The city will become the first in the nation to put a non-profit organization in charge of its crime lab. The council approved the measure Wednesday morning. But it came with some disagreement.
The problems of the Houston police crime lab are unfortunately all too well known in Houston, and among our elected officials.
Houston City Councilmember Ellen Cohen said, "We have a problem and we have it now."
After years of talk and behind the scenes negotiations, the city decided to go forward alone, by appointing a nine-member board for an independent crime lab. State Representative Scott Hochberg will lead the team.
"I heard tremendous support," he said. "I know the council and mayor are behind this effort, and will give us the support we need to do our job."
There are tremendous challenges. Building, maintaining and staffing a world-class facility would be hard enough. But the city, for now, is not partnering with Harris County.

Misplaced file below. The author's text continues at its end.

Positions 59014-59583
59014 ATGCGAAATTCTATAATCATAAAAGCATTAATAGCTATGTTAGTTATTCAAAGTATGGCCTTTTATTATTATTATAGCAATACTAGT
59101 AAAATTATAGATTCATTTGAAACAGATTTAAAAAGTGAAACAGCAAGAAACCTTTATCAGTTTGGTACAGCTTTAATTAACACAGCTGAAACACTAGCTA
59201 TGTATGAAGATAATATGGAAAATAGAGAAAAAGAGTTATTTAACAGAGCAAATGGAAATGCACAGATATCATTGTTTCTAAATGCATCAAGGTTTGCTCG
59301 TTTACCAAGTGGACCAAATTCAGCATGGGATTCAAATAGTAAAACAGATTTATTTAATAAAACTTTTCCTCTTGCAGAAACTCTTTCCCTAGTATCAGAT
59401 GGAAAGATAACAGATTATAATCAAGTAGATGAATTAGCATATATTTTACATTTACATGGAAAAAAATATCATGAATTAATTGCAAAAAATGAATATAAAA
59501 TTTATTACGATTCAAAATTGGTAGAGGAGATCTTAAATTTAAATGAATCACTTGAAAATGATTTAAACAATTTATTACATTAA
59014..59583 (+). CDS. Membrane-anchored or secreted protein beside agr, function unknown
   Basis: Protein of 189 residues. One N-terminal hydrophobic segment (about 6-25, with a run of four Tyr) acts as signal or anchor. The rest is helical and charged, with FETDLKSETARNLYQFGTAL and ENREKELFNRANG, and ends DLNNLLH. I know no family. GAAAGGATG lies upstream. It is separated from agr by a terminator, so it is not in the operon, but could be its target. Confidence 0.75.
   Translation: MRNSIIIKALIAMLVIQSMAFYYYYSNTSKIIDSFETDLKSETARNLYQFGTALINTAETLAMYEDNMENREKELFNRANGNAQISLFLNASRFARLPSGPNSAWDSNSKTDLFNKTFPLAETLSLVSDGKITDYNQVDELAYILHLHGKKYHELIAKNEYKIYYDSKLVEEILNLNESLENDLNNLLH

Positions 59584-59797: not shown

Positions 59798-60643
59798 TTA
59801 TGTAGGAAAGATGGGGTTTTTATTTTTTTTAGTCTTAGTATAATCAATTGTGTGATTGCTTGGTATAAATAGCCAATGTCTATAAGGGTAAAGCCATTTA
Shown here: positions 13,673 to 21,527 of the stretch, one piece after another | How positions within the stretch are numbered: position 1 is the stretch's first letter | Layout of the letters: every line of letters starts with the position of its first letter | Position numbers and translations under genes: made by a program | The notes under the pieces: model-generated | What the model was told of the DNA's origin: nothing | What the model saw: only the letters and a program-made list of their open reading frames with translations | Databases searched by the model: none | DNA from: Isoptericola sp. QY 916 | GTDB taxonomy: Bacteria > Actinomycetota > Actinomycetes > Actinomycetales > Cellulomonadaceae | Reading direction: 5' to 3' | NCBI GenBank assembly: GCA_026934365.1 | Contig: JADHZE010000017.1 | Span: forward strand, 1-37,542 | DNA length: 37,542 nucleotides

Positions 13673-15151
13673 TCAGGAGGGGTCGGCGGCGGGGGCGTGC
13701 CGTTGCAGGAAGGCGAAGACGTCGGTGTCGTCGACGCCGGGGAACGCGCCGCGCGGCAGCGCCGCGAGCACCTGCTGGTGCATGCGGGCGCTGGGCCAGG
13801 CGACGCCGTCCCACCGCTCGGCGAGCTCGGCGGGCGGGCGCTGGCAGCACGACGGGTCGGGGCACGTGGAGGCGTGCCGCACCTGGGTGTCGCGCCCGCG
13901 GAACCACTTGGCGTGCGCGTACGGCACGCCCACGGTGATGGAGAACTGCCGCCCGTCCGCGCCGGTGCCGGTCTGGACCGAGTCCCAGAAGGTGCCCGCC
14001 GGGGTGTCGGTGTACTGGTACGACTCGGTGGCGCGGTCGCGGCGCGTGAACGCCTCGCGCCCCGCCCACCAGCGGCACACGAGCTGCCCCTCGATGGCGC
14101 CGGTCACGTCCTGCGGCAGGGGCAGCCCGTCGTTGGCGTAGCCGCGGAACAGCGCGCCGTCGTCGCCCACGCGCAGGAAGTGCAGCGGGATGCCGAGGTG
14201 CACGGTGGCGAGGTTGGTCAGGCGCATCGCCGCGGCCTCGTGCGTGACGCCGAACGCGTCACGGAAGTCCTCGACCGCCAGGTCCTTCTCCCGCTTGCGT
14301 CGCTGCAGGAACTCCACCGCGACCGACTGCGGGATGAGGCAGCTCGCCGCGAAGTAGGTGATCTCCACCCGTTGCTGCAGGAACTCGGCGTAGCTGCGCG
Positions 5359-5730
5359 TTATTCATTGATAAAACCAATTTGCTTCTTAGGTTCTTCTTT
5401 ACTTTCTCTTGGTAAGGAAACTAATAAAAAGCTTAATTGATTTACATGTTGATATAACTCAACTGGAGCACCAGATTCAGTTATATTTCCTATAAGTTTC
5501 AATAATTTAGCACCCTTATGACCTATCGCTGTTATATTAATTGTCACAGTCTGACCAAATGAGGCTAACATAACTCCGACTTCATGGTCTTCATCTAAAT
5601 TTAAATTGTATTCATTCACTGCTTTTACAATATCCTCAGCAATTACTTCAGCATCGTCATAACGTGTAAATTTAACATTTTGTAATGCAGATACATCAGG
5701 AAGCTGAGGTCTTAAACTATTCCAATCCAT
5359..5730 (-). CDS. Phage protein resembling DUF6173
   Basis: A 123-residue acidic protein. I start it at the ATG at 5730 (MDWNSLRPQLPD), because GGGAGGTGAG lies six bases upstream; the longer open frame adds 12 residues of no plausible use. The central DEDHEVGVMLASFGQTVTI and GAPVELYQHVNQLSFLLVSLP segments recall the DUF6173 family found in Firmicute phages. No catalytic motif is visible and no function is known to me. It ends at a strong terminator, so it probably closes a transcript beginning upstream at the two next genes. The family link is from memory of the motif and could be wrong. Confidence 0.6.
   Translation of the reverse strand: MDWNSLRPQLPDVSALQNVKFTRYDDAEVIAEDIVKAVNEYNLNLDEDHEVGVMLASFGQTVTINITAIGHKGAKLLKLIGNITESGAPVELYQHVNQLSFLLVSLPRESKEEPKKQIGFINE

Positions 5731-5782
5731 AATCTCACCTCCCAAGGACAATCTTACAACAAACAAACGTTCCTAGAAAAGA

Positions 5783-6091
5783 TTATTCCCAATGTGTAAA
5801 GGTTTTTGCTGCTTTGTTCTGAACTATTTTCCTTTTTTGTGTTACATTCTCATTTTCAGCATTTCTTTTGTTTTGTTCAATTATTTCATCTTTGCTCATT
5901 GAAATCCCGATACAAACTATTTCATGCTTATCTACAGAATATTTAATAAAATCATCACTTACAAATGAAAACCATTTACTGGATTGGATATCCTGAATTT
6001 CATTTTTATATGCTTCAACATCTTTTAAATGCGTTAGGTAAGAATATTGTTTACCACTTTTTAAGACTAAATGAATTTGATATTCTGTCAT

When asked why, Harris County Commissioner Steve Radack told me over the phone, "Why would the county want to listen to people who have run a crime lab that's a dismal failure? They obviously don't know what they're doing."
Houston Mayor Annise Parker disagrees, saying the county and the city can, and might eventually, work together.
She said, "This is not insurmountable, but it's not going to be solved with public negotiations in front of the media. It's not something that's going to be solved tomorrow."
With a 16-2 vote at council, it was clear city leaders felt the time for a crime lab untainted by controversy was long overdue.
"How long do we have to wait for justice?" asked Houston City Councilmember Larry Green. "We now have an opportunity to move forward."
The board will now move toward looking into options for a building and staff.